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Volume 68, Issue 46, Wednesday, October 30, 2002


Proposed fee hike to hit CLASS students

By Ray Hafner
Senior Staff Writer

A proposed fee increase for all majors in the College of Liberal Arts and Social Sciences is designed to stave off a "crisis situation," especially in the School of Communication and Department of Art, said CLASS Dean John Antel.

"If we are going to deliver a quality product to our students, we've got to get more resources," Antel said. 

All 7,000 CLASS students will pay the fee increase, which will take effect in Fall 2003. CLASS would increase the advising fee to $62 per semester from $25 and boost the instructional technology fee to $27, about $12 more than the current fee. That is in addition to some course-specific fees Antel said would be most pronounced in the art and communication departments, as well as in the Moores School of Music.

Antel will address the Student Government Association at its Senate meeting tonight to inform students about the possible increase in fees. The 7 p.m. meeting in the Mediterranean Room is open to the public.

Antel said technology is the driving force behind the fee increases because, "We need technology comparable to what's out there in the work force."

In areas such as graphics and photography, which used to be considered cheap areas of study, the advent of digital technology now requires equipment costing thousands of dollars to do things that in the past were done with mere paint and paper.

Antel said the increase would be small per student but reap large rewards for CLASS majors as a whole. The advising fee alone is expected to boost Fiscal Year 2004's revenue to $594,123 more than in FY '02.

The total of these two fees, $89, is far less than at the University of Texas at Austin, which has been in the news lately for hefty fee increases, Antel said. In 2002, UT's College of Fine Arts students paid $199 in fees for similar purposes and UT's College of Liberal Arts students paid $160. (UH's CLASS combines those areas of study.)

Still, Antel acknowledged that over three to four years it might be necessary to further raise the fees to UT's levels. He said increases would be spread out over several years, though, to avoid hitting students all at once.

"There's no way to avoid the reality of increased fees," he said.

CLASS isn't the only college raising student fees. The Bauer College of Business proposed in Fall 2001 to raise undergraduate fees to $90 from $20. Fees for graduate students rose about $100 per course

For the CLASS fee to be approved, UH's fee committee must first examine the proposed increases, ensuring strict accounting is practiced. State law requires these "incidental fees" must go to exactly where it's claimed they go, and only certain areas are considered acceptable to be funded by student fees.

Provost Edward Sheridan must approve the changes before the Board of Regents gets the final say in late spring. Antel said Sheridan supports the increases.

This fits the reality UH President Arthur K. Smith outlined earlier this month when he said a lack of state funds was "shifting the cost of higher education to students and their families."

SGA Vice President Jon Quintanilla said at the last SGA meeting, when Antel's presentation was announced, that these fees are unavoidable. "They're going to happen," he said.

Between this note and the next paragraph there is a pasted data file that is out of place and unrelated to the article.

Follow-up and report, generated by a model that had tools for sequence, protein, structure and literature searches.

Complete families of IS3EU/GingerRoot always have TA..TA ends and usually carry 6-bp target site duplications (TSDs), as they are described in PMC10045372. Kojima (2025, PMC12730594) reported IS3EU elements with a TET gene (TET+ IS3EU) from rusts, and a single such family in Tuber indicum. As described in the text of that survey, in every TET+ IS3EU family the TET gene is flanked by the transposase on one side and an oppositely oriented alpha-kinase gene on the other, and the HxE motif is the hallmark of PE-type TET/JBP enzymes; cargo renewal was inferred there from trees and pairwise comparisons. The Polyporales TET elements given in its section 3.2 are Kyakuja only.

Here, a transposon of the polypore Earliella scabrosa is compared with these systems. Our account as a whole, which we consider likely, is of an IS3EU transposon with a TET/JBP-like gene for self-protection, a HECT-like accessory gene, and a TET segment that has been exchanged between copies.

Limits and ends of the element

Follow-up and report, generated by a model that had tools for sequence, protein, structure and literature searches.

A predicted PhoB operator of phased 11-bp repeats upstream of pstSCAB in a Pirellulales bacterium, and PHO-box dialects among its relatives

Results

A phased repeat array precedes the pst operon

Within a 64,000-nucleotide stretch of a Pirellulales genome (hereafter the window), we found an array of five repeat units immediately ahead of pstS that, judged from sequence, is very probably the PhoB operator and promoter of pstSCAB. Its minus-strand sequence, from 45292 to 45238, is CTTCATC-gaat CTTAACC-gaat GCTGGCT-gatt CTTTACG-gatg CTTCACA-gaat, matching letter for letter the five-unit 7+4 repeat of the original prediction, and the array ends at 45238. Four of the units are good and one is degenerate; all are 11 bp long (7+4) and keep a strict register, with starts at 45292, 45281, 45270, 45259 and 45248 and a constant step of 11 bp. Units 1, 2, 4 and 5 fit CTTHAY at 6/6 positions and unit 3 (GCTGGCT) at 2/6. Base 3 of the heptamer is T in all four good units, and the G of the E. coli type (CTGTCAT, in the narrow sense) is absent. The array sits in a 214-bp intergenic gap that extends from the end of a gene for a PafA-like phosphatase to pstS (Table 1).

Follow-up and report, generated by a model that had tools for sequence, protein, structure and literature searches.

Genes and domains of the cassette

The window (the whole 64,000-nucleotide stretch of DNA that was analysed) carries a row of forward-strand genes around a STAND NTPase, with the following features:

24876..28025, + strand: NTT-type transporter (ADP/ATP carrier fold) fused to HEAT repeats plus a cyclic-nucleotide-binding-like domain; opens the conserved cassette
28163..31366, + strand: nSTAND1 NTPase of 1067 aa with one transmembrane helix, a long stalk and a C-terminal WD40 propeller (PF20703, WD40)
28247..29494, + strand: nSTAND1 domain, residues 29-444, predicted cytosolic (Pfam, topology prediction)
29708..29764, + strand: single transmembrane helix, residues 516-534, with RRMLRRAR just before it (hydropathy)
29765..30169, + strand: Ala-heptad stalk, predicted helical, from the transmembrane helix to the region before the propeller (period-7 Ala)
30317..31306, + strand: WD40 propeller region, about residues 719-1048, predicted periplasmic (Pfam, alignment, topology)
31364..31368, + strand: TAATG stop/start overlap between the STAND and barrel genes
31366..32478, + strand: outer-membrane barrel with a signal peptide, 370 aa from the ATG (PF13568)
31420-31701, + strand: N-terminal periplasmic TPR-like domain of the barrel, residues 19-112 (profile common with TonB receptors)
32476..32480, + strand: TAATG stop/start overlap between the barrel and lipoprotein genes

Tuition at Texas' public universities, set by the state Legislature, is unlikely to change. In recent years, universities across Texas and the United States have been raising student fees to generate more cash. This allows state funds to be directed away from student service areas so they can be spent in other areas, such as hiring adjunct faculty, Antel said.

"Everything we do is going to increase the service level to students," Antel said.

The advising fee funds will allow CLASS to hire four more advisers and also will be spent on the career center, which is to open soon. The advising hours would be extended to help non-traditional students.

The two other options for finding funds would be to lobby the Legislature or to seek out donors, Antel said. With a projected statewide budget deficit of up to $12 billion, the Legislature seems unlikely, and finding money from donors is a "slow and arduous process" that gets varied results from year to year, he said.

Student fees could be an enormous boon, Antel said. A student-imposed library fee "has made all the difference in the world (for the library)," he said, allowing for all the computers that are in the front lobby of the library.

Next year, Antel said CLASS would begin to "rationalize" fees by department. This means poets would pay lower technology fees than students studying 3-D graphic design. The goal is to spread the burden, so that those who use the most will pay the most, Antel said.

After talking to communication and art students about the increases, Antel said most were supportive.

"Most believe that if they really get a better product, it's worth it," he said.

Antel joined UH 21 years ago as an associate economics professor and views the fee increases as a classic case of supply and demand.

Without the fee jumps, the effect could seriously hurt UH's standing as a university, he said.

"In 10 years, this would not be a place people would want to attend."

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